ACCESSIBILITY/FACILITIES: 8/10 - Just about the first place you come to when you enter the Olympic Park. My side of the stadium (the small side) didn't appear to have any refreshments.
VIEW: 5/10 - An idea: a pool with glass sides so spectators can get an aquarium-style underwater view. So much goes on under the surface it is hard to grasp what is really going on. The view is not great from the back of the tall main stand.
FANS: 7/10 - Plenty of noise when the ball went in, but otherwise there were just yells of encouragement (many from the very shouty Hungarian coach) rather than a wall of sound. The loudest roar when Hungary scored the game-clinching goal to make it 11-9.
SPECTACLE: 6/10 - I'm afraid it just didn't appeal to me. Touring as many venues as possible gives me about an hour to 'get' a sport. I couldn't do it with water polo, and that is probably my fault. Good finish, though.
X-FACTOR: 6/10 - It's a proper Olympic sport played in a fine venue. But you probably need more than passing acquaintance with it to get the most from your viewing.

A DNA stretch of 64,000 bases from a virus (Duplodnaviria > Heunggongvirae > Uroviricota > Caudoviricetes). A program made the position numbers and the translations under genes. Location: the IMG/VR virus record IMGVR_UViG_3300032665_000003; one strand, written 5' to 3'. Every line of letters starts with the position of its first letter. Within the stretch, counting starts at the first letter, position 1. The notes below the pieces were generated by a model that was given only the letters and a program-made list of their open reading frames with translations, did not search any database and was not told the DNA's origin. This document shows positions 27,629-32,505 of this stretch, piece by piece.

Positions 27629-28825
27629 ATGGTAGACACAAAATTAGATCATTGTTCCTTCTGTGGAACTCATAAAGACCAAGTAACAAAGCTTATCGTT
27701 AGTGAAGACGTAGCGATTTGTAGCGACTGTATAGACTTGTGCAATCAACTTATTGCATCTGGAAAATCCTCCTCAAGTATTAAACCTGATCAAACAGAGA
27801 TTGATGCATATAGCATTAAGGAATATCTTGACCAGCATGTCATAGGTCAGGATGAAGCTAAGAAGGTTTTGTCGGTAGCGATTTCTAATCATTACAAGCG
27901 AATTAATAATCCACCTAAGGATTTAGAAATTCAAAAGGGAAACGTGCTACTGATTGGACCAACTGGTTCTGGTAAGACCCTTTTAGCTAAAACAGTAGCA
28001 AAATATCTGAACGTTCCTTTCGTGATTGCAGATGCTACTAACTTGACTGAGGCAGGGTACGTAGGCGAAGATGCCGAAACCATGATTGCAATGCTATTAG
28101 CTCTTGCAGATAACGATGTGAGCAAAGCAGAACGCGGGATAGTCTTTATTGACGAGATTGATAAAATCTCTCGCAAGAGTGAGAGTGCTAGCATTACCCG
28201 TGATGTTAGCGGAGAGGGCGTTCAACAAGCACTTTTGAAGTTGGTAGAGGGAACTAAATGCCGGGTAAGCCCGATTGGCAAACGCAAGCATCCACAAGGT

TOTAL SCORE: 32/50 - submerged.
Other venues rated
Eton Dorney (rowing): 41/50 - momentous
Lord's (archery): 40/50 - ancient and modern
North Greenwich Arena (gymnastics): 39/50 - complex
Aquatics Centre: 38/50 - noisy
Basketball Arena: 36/50 - slick
Lee Valley White Water Centre: 36/50 - thrilling
Horse Guards Parade (beach volley): 36/50 - raucous
Box Hill (road race cycling): 35/50 - rural
Riverbank Arena (hockey): 32/50 - temporary
ExCel (weightlifting): 31/50 - functional
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Alex Chick will be writing from London 2012 throughout the Olympic Games.